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What does it mean to be an accessible museum? As operations manager and accessibility coach at Carnegie Science Center, Justin Tognarine leads community members and colleagues in embracing this critical question. It’s about more than just removing physical barriers to visitation, says Tognarine. It takes training, community engagement, and a museum-wide effort to make everyone feel welcome. Across all four Carnegie Museums, he is helping lead the charge—as a resource and an ally.
Q: Why are you so passionate about accessibility?
A: What stays with me is a visitor complaint from a few years ago. This person came to the Science Center and didn’t feel welcome. He experienced sensory overload—which is easy to do here with rockets launching and robots singing—and he had a meltdown. The person who was here with him felt like they were being judged and unsupported. Since then, I’ve made it my mission to not allow another visitor to feel that way. All of the Carnegie Museums have so many amazing things to see and experience and I would hate for somebody not to be able to take part because of their disability. Because of something we didn’t do to help bridge the experience.
Q: What does bridging the experience look like?
A: Engaging with our community and listening to their needs and desires. We have accessibility working groups that then help set priorities. We’ve brought a lot of organizations in, such as Creative Citizen Solutions, Pittsburgh Center for Autistic Advocacy, and Evolve Coaching, to assist us in trainings. We want to help staff feel comfortable in situations that they may not have encountered before, so we’re giving them plenty of time to role play and ask questions, and making sure they have on-the-spot support and resources.
Q: Does each of the four museums have its own unique set of accessibility challenges?
A: It’s sensory overload at the Science Center, so we’ve been focusing on being more sensory-friendly. We don’t have a whole lot of non-tactile areas, so we’re already very hands-on with exhibits and activities, whereas the Museum of Art and The Warhol, and even the Natural History Museum, have very visual representations and have had to think more closely about how to make their collections more accessible to people who are blind or visually impaired.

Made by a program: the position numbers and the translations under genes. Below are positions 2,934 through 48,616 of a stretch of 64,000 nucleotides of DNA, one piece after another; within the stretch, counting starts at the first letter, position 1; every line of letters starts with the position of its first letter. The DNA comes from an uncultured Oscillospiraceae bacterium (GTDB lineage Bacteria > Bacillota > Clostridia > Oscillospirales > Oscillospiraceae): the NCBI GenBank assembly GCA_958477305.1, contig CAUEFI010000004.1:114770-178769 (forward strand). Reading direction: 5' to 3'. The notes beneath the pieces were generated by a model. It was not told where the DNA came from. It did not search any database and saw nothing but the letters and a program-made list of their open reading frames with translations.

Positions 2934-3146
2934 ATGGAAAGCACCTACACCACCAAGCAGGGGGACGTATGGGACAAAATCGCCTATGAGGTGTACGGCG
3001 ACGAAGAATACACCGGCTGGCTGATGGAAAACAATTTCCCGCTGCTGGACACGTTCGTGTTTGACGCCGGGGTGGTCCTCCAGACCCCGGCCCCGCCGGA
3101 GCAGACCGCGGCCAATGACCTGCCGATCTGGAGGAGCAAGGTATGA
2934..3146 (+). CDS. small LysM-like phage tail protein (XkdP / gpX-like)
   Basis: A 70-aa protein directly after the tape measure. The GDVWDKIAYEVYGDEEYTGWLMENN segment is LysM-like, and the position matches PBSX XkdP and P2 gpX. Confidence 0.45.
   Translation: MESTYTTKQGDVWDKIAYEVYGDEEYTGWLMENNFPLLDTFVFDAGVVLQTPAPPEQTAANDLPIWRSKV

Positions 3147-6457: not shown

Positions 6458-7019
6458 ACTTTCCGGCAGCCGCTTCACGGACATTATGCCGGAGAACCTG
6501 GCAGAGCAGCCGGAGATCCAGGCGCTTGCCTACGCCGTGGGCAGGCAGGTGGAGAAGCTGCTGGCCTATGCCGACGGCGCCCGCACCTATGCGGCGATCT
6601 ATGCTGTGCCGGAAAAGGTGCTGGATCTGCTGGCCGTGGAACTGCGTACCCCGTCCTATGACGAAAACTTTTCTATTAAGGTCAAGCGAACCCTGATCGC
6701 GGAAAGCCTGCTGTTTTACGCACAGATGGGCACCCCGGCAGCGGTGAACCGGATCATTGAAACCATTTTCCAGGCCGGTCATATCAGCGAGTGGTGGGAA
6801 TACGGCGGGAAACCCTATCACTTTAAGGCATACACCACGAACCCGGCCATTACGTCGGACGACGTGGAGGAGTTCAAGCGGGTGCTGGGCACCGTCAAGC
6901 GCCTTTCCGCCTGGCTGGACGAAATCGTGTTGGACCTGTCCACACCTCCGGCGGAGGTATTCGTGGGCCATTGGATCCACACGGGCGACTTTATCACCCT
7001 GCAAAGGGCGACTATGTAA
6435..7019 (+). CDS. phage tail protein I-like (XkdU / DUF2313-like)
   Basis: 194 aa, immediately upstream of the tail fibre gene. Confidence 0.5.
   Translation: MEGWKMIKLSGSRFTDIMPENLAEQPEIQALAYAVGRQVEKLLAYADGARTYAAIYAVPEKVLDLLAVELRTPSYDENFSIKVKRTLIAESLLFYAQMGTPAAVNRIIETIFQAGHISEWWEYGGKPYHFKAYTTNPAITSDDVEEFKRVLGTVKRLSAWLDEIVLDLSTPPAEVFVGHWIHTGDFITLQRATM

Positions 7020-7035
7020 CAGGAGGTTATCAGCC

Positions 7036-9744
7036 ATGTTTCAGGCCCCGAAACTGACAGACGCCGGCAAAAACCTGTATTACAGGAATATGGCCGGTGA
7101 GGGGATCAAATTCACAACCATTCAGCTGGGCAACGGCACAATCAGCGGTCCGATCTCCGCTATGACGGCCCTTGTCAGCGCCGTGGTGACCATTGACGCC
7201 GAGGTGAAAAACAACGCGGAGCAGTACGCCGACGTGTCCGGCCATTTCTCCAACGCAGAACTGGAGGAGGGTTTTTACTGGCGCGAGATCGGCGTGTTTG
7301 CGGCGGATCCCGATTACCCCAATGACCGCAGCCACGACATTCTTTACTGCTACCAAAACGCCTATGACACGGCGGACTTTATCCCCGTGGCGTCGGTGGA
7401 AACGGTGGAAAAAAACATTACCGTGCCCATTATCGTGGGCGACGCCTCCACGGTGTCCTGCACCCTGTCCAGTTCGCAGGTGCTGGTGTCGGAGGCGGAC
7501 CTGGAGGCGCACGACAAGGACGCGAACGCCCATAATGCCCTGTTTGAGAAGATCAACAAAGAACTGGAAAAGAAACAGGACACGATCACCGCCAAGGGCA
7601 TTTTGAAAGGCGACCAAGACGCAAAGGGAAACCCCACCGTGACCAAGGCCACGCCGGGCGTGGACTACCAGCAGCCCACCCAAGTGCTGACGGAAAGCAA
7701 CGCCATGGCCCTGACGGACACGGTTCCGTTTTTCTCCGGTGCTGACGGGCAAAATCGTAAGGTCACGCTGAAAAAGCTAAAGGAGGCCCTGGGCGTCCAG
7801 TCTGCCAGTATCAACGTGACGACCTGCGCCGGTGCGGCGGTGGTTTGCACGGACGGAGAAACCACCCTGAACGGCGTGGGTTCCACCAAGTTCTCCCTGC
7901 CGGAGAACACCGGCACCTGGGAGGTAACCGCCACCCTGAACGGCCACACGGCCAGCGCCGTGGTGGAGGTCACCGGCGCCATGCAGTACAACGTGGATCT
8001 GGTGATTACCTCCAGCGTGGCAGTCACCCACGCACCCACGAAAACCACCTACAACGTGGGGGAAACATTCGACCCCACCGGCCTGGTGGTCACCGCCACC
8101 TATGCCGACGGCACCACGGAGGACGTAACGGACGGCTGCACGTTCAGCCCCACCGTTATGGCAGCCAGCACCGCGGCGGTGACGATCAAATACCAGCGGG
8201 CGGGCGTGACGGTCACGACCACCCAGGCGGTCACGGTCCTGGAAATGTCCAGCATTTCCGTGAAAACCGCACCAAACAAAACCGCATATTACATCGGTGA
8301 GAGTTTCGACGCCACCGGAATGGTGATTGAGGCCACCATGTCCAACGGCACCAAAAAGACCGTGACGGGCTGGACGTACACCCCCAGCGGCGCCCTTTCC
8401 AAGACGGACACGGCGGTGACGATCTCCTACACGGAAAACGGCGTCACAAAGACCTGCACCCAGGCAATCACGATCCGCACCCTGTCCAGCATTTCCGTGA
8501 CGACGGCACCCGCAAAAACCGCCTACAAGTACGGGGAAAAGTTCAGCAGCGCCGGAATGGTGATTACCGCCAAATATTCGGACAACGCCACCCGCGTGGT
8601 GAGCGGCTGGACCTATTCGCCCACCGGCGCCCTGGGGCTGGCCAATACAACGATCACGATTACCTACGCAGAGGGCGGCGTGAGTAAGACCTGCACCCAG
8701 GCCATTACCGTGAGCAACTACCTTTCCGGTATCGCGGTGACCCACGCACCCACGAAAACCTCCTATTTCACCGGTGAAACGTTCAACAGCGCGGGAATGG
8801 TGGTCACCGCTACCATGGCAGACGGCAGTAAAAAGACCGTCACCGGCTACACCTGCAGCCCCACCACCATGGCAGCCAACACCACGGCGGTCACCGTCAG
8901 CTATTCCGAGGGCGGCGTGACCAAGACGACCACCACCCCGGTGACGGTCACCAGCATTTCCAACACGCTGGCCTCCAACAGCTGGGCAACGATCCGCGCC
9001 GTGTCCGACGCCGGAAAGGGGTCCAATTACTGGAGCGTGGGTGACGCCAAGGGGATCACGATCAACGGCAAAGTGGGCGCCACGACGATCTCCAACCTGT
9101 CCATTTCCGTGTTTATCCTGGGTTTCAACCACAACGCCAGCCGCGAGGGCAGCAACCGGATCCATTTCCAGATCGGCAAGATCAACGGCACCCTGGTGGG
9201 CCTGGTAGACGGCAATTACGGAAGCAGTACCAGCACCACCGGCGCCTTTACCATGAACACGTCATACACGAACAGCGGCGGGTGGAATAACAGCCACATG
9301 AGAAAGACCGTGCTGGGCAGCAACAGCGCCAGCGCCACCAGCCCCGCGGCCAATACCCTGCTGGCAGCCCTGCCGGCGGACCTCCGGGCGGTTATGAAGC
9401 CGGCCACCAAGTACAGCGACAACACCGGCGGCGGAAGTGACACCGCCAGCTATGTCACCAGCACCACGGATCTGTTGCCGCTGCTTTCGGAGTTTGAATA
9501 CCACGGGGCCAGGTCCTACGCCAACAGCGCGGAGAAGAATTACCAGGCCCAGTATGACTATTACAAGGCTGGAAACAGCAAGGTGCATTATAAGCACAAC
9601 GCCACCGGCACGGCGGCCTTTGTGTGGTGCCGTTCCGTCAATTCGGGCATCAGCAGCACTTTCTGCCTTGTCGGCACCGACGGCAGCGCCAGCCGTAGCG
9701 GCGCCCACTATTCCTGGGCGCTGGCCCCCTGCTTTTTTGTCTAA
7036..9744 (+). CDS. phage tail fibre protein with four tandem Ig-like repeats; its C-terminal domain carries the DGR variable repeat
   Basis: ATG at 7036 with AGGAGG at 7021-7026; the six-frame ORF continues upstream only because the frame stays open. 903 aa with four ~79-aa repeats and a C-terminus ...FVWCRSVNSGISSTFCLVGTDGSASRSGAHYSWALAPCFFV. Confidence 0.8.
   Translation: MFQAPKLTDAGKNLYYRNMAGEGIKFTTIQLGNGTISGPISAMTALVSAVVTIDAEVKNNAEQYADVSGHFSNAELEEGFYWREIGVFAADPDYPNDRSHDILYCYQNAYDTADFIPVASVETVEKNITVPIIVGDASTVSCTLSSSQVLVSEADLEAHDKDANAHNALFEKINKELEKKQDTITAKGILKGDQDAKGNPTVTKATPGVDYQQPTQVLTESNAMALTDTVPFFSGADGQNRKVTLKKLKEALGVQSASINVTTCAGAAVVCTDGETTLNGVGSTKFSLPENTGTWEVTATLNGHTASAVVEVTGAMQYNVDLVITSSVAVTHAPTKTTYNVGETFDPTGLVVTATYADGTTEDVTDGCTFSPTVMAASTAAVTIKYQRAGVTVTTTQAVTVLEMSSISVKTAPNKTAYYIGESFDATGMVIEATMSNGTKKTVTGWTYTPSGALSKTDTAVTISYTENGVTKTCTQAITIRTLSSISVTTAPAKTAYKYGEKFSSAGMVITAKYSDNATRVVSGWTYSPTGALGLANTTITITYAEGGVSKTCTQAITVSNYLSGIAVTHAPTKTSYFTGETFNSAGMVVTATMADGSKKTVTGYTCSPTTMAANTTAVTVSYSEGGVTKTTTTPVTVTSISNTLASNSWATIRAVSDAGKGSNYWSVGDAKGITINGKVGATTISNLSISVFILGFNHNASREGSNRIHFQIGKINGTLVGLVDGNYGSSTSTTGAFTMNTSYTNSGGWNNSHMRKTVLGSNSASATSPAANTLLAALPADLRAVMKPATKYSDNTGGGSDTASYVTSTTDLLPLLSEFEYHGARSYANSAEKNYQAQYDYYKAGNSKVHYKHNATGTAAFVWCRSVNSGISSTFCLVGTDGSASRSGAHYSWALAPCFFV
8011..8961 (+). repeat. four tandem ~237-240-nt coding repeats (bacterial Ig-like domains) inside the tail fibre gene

Q: What’s the response been to the Science Center’s new sensory-friendly hours?
A: One member said his daughter is not normally able to do the farm area in the Little Learner Clubhouse because it’s too overwhelming with sounds and surprises. But with the adaptations, he said it was the best time they’ve ever had at the museum. How awesome is that? In March, we had a family come from Ohio just for the event. It’s shocking how many people have never been to the museum simply based on our atmosphere.
Q: Has the Science Center had success with other accessible programs?
A: At the suggestion of a community partner who said our 21+ Nights were just too much for them, we hosted an adult sensory-friendly night, and it took off. The Western Pennsylvania School for the Deaf partners with our education department to fit a summer camp into their curriculum. The Pittsburgh Center for Autistic Advocacy trained our Fab Lab staff on autism awareness as we work to create a sensory-friendly Fab Lab experience. We’ve started to add more sensory-friendly movie times in The Rangos Giant Cinema. And we’ve also offered verbal description tours.
Q: What’s the most helpful thing you’ve learned on the job?
A: Listening to people about why they’re not coming to the museums is huge. Whether it’s sensory overload, or there’s not a curb cut [for strollers and wheelchairs], or signage isn’t updated or doesn’t have braille. It’s then about making it a priority to remove as many of those barriers as possible for people, for participation. Talking to our community and just putting ourselves in their shoes has really opened my eyes to things we never thought of.
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